05/06/2012

easyJet ropes off their automatic check-in terminals

Last year, some easyJet automatic check-in terminals were often broken. Now, at busy times, most are roped off. Result: back to those long zig-zag queues before the counters! Why?

I noticed this "back to the past" approach when going to the airport with someone who had a Tuesday flight back to London. In the area where there are located about 20 automatic check-in machines, almost all of them were roped off and hence made inaccessible. The inevitable consequence was one of those long queues where one moves slowly left then right in a snaky queue between parallel tapes. What we could describe as a "back to the past" traditional method of queueing, as well as being a reason why passengers are told to be at the airport two hours in advance of the departure!

Why was this the case: I have no idea. It is probable that this was a busy time of day for easyJet (around 2pm), and that there are quiet times (I am not quite sure when these could be!) when the automated check-in machines are made available. Maybe, also, the unstructured queuing to get at a working check-in machine was causing frustration and arguments between passengers!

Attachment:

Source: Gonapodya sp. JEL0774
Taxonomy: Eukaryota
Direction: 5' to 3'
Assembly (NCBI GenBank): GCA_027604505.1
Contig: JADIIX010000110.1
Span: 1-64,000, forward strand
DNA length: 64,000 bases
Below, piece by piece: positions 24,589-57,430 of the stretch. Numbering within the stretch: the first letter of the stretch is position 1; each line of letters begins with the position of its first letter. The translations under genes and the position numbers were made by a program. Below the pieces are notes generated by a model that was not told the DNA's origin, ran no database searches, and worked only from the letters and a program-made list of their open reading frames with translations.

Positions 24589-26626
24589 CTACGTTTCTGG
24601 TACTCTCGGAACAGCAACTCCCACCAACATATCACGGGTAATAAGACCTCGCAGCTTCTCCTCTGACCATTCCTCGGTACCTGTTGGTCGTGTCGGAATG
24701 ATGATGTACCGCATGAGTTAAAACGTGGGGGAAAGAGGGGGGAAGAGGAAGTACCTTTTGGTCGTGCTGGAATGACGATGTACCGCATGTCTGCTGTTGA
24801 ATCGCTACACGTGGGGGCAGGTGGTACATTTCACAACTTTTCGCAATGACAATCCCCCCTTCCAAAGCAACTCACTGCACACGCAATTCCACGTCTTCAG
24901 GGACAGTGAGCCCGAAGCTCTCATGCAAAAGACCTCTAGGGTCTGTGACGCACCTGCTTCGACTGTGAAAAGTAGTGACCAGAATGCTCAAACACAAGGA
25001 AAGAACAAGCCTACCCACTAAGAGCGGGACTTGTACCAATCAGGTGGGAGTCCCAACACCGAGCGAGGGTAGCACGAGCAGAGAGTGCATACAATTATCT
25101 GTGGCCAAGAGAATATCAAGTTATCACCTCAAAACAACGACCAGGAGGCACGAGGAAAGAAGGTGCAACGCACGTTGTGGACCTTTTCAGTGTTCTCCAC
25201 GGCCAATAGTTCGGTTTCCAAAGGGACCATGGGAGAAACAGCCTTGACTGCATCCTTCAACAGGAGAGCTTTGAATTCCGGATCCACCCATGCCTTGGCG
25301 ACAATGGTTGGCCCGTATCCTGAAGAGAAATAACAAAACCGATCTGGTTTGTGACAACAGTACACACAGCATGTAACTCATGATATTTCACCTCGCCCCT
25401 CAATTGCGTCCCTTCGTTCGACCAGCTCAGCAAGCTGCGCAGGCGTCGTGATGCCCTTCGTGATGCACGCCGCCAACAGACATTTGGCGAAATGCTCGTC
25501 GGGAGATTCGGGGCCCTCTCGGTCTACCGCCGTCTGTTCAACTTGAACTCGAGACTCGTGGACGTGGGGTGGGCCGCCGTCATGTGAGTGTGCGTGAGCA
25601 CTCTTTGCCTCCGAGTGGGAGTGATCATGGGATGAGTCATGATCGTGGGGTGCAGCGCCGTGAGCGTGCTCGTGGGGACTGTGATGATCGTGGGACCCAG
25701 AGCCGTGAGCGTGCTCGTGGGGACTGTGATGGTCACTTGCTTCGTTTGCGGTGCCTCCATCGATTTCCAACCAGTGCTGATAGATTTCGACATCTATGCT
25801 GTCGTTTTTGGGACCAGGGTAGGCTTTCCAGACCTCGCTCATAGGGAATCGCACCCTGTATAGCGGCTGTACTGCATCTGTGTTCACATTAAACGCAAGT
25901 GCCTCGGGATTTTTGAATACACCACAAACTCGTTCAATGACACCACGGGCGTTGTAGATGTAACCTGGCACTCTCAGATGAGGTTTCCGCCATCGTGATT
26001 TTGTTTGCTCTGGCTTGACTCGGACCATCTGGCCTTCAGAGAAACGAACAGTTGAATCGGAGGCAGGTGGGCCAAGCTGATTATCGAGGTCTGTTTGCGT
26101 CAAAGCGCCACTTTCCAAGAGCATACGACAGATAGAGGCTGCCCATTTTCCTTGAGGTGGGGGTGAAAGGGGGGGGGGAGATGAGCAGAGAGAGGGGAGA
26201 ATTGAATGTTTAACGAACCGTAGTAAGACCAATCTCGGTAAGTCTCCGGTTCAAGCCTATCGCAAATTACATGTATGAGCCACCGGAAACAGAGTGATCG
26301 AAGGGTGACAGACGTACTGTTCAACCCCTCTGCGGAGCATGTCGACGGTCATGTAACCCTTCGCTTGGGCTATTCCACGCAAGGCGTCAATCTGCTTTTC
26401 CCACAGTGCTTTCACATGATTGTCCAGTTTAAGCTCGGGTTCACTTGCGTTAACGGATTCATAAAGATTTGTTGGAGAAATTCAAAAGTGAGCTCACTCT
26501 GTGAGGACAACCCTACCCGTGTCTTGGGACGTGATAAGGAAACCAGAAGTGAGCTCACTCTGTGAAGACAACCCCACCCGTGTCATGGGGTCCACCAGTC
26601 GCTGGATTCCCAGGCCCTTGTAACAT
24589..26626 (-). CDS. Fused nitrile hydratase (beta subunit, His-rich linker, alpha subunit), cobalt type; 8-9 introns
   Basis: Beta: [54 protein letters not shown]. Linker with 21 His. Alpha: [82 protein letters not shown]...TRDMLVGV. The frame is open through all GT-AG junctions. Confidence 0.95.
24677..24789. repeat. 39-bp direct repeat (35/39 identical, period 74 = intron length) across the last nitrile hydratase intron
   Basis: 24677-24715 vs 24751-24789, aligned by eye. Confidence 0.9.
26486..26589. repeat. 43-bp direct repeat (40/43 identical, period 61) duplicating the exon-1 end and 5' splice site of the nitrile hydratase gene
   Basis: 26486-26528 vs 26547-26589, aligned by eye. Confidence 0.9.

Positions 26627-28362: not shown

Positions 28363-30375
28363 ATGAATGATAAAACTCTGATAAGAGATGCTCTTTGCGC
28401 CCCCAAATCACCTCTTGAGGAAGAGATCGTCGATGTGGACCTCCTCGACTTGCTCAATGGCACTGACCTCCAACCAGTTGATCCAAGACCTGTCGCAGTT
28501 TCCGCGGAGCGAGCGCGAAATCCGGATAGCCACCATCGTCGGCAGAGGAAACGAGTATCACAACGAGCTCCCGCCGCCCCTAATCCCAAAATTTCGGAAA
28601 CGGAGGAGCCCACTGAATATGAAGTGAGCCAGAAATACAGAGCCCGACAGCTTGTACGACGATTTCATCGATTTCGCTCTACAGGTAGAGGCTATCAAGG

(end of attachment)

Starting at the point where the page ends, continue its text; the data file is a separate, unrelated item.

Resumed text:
Of course, at some airports passengers can opt for "Speedy Boarding", via an extra payment, to have access to priority check-in desks (I am unsure whether easyJet in Geneva has such check-in desks). Maybe this will apply to the flights designed to be attractive to business travellers (fast check-in, choice of seats, special lounge maybe?), as easyJet tries to lure these passengers away from the more traditional airlines? However, Lufthansa, one of many airlines currently losing money, are hitting back with a full page advert (in Le Matin Dimanche today, 6 May) for Geneva-Berlin next month from CHF 49 (not including a possible CHF 11 credit card charge!).

So what next? How about the system that we get in post offices, Swisscom help centres and other places, whereby we enter at a gate where we are given a numbered ticket (perhaps by pushing a button), plus an estimate of the expected waiting time, and then wait patiently until our number flashes up? If we knew that it would be long (more than 30 minutes) we could even go and get a coffee and a biscuit (against payment, of course, and at inflated prices!).

I have not looked at the use of the automatic check-in terminals for other airlines, but I did not notice any similar snaky queues anywhere else.

 

12:46 Posted in easyJet anecdotes | Permalink | Comments (0) | Tags: easyjet, geneva, airport, check-in | |  del.icio.us | | Digg! Digg |  Facebook